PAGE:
* A member of the committee that wrote the Declaration of Independence. *Spent most of the time during the American Revolution in France. *He represented the colonies as the American envoy starting in 1776 and returned in 1785. *He negotiated the alliance with France for support after the victory at Saratoga. *Member of the committee that negotiated the terms for the Treaty of Paris in 1783 that ended the war.
*Spanish nobleman *Became governor of the Spanish province of Louisiana (January 1777) *protected American ships in the port of New Orleans *helped transport war supplies *took up arms to fight the British and protect Louisiana
African American male Unemployed dockworker in Boston, MA Became the first casualty (first to die) of the American Revolution Shot and killed in what became known as the Boston Massacre, March 5, 1770
*King of England during the Revolutionary Era *Feared the loss of one group of colonies would lead to the loss of others and the eventual decline of the empire. *To prevent this, the Crown maintained an aggressive policy against colonial resistance. George III struggled to enforce royal authority throughout his reign.
Polish-born Jewish immigrant to America Played an important role in financing the American Revolution Arrested by the British as a spy Used by the British as an interpreter with their German troops Helped British prisoners escape and encouraged German soldiers to desert the British Army Became a broker to the French consul and paymaster to French troops in the American Revolution
Member of the Virginia House of Burgesses Spoke against the Stamp Act Famous quote, “Give me liberty, or give me death!” During the American Revolution he served in the Continental Army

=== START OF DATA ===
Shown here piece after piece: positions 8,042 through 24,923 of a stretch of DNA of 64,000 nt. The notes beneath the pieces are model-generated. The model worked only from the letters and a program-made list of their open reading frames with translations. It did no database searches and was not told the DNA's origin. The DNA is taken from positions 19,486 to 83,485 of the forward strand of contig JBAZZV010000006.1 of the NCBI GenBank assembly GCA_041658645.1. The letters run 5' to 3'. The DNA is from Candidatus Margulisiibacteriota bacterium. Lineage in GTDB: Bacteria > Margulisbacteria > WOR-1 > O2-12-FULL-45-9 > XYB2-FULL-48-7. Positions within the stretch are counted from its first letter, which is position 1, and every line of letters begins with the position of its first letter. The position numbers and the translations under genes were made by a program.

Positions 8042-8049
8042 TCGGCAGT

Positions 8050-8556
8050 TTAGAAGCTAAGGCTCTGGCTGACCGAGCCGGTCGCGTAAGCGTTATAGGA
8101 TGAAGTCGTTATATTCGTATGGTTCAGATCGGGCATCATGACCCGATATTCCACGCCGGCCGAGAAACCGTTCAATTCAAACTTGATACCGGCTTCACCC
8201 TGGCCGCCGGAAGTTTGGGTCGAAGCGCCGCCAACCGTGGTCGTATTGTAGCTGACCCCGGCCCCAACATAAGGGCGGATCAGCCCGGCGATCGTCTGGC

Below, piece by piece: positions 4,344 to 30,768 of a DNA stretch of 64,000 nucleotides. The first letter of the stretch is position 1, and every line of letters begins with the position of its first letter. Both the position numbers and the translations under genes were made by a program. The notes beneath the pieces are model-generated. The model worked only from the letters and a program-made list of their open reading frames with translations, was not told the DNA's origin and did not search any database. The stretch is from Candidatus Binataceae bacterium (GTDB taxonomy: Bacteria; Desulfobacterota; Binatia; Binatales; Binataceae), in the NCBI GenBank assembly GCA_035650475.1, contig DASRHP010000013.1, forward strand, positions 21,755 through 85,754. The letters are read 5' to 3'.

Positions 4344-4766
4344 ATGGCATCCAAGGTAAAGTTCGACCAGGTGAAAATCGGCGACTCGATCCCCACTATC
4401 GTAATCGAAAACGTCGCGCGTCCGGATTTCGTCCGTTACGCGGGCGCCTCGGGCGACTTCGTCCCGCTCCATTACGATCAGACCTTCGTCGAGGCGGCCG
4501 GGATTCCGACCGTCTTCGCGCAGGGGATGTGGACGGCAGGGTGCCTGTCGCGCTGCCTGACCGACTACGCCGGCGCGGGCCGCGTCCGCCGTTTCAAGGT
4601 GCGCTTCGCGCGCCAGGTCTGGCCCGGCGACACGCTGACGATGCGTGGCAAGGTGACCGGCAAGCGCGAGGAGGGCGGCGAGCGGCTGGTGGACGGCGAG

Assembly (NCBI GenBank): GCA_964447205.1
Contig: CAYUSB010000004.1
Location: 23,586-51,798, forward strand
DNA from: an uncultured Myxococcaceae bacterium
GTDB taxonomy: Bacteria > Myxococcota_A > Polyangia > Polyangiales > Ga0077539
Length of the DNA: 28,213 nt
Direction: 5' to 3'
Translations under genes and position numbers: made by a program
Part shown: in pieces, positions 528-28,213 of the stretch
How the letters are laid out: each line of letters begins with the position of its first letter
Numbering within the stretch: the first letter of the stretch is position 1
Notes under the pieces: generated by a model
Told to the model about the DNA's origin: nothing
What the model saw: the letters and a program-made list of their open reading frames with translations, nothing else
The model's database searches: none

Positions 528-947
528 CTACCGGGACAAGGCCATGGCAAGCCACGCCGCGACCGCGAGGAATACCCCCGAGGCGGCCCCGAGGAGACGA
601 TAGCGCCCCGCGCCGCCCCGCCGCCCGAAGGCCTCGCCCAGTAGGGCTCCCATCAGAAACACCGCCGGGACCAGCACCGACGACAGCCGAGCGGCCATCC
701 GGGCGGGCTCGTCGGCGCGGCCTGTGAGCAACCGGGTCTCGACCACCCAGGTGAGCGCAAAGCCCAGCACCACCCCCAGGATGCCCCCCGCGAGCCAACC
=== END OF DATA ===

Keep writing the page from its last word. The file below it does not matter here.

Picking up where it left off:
Virginian Early leader in the American Revolution Delegate to the Constinental Congress in Philadelphia in 1776 Member of the committee that wrote the Declaration of Independence Chief author of the Declaration of Independence
*French aristocrat who joined Washington and his troops at Valley Forge, PA *Played a leading role in both the American and French Revolutions *Respected the concepts of liberty and freedom and a constitutional government *Commanded forces under George Washington as a major-general in the Continental Army
Propagandist Journalist In January, 1776, published a pamphlet, “Common Sense” Persuaded many Americans to join the Patriot cause.
*Virginian *surveyor, planter *a soldier in the French and Indian War *a delegate to the First and Second Continental Congresses *commander-in-chief of the Continental Army during the American Revolution
Declaring Independence Writing the Articles of Confederation Battles of Lexington and Concord Battle of Saratoga Battle of Yorktown Enduring the winter at Valley Forge Signing the Treaty of Paris 1783
Reaction to King George III’s refusal to acknowledge the colonial requests/demands, “dissolve the political bands” with Britain, provided philosophy for the establishment of the new nation “…all men are created equal and endowed by their creator with unalienable rights, that among these are life, liberty, and pursuit of happiness” Listed grievances against the King of England Written by Thomas Jefferson July 4, 1776 Second Continental Congress; Philadelphia
Occurred at the Second Continental Congress Created a new form of government for the independent colonies Included one branch – a Congress Each state had one vote Created a very weak government with no executive
Lexington and Concord: Shot ‘heard round the world; first battles of the American Revolution; April 19, 1775 Saratoga: turning point of the war; France joined the colonists after this victory, tipping the scales in their favor Yorktown: surrender of Cornwallis to the British